Most suicides by US veterans are by those over age 50 - study

Before you go, we thought you'd like these...
Before you go close icon
New Study Shows U.S. Veteran Suicides Occur at a Rate of Twenty per Day


July 7 (Reuters) - Well over half of U.S. military veterans who took their own lives in 2014 were aged 50 or older, the government reported on Thursday in a study indicating that combat trauma predating the recent wars in Iraq and Afghanistan still accounts for many veteran suicides.

SEE ALSO: Woman makes gut-wrenching find under bags of trash

The U.S. Department of Veterans Affairs analysis, which shows the suicide rate among veterans climbing over the past 15 years, is based on millions of records and is touted as the government's most comprehensive examination of the issue to date.

President Barack Obama has joined veterans groups in singling out as a national priority the prevention of suicide among veterans, who the study says are at a 21 percent greater risk of taking their own lives than other Americans.

The latest report said 20 former members of America's armed forces died of suicide each day on average in 2014, down slightly from a previous study that put the daily average at 22 in 2010.

Of the veterans known to have committed suicide in 2014, the latest year for which such data was available, 65 percent were at least 50 years of age, old enough to have served in the 1990-91 Gulf War, the Vietnam War or previous conflicts.

Fewer members of that age group are likely to have seen combat since the current stretch of U.S. military involvement in Afghanistan and Iraq began in the early 2000s.

RELATED: See images of Veteran's Day around America:

26 PHOTOS
NTP: Veterans Day around the US
See Gallery
NTP: Veterans Day around the US
Arnold DeVille of Washington, visits the grave of his brother in law, Army PFC Frank McCoy, who received the purple heart while serving in Vietnam, and died in 1997, Wednesday, Nov. 11, 2015, on Veterans Day in Section 60 in Arlington National Cemetery in Arlington, Va. (AP Photo/Andrew Harnik)
David Horne of Baltimore, Md., visits the grave of National Guard Staff Sgt. Daniel Suplee of Baltimore, Md., who was killed in Afghanistan in 2006, Wednesday, Nov. 11, 2015, on Veterans Day at Arlington National Cemetery in Arlington, Va. (AP Photo/Andrew Harnik)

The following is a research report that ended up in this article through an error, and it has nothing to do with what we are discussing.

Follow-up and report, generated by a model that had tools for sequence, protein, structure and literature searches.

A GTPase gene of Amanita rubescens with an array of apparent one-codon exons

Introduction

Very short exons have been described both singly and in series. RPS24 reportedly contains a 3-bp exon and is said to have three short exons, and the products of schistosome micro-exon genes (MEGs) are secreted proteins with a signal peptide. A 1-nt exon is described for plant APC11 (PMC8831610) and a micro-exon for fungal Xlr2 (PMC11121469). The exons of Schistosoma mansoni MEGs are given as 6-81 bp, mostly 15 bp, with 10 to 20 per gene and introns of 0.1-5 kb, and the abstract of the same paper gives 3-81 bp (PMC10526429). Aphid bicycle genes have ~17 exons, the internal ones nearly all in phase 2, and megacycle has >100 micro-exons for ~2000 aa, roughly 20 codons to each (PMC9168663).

Marine Staff Sgt. Michael Reynolds of Houston, Texas, accompanied by his girlfriend Ashley Voyles, visits the grave of Army Cpl. William Amundson Jr. who died in 2004, Wednesday, Nov. 11, 2015, on Veterans Day at Arlington National Cemetery in Arlington, Va. (AP Photo/Andrew Harnik)
The morning sun shines over tombstones at Arlington National Cemetery in Arlington, Va., Wednesday, Nov. 11, 2015. President Barack Obama is honoring current and former members of the military as well as their families on Veterans Day today. This morning he's hosting a breakfast to honor veterans and their loved ones. And later on, the president will take part in a wreath-laying ceremony at Arlington National Cemetery. (AP Photo/Manuel Balce Ceneta)
Television writer and veteran Norman Lear, right, shakes hands with Tuskegee Airmen Roscoe Brown during the annual Veteran's Day parade in New York, Wednesday, Nov. 11, 2015. The two served in the air force at the same time during World War II. (AP Photo/Seth Wenig)
A color guard presents the flags during a Veteran's Day observance at Fort Sam Houston National Cemetery, Wednesday, Nov. 11, 2015, in San Antonio. (AP Photo/Eric Gay)
Army veteran James F. Gerald, 85, right, visits with members of the South Side High School Junior ROTC following a Veteran's Day observance at Fort Sam Houston National Cemetery, Wednesday, Nov. 11, 2015, in San Antonio. (AP Photo/Eric Gay)
In observance of Veteran's Day, Elsa Guerra visits the grave sites of her father, grandfather, and two uncles at Fort Sam Houston National Cemetery, Wednesday, Nov. 11, 2015, in San Antonio. (AP Photo/Eric Gay)
Kevin Kelly from the Joseph E. Zaloga American Legion Post rolls up a flag after a Veterans Day parade on Wednesday, Nov. 11, 2015, in Albany, N.Y. (AP Photo/Mike Groll)
Jiffy Helton Sarver, of Monroe, Ga., visits the grave of her son, 1st Lt. Joseph Helton, Jr., who was killed while serving in Iraq in 2009, at Georgia National Cemetery on Veterans Day, Wednesday, Nov. 11, 2015, in Canton, Ga. "His smile and his soft brown eyes," said Sarver of what she remembered most about her son. "He always tried to do better today than he did yesterday and helping someone else do the same." (AP Photo/David Goldman)
A Marine Corps flag is seen in the foreground as members of the WarFighters Motorcycle of Maryland visit fallen friends in section 60 at Arlington National Cemetery in Arlington, Va., on Veterans Day, Wednesday, Nov. 11, 2015. (AP Photo/Andrew Harnik)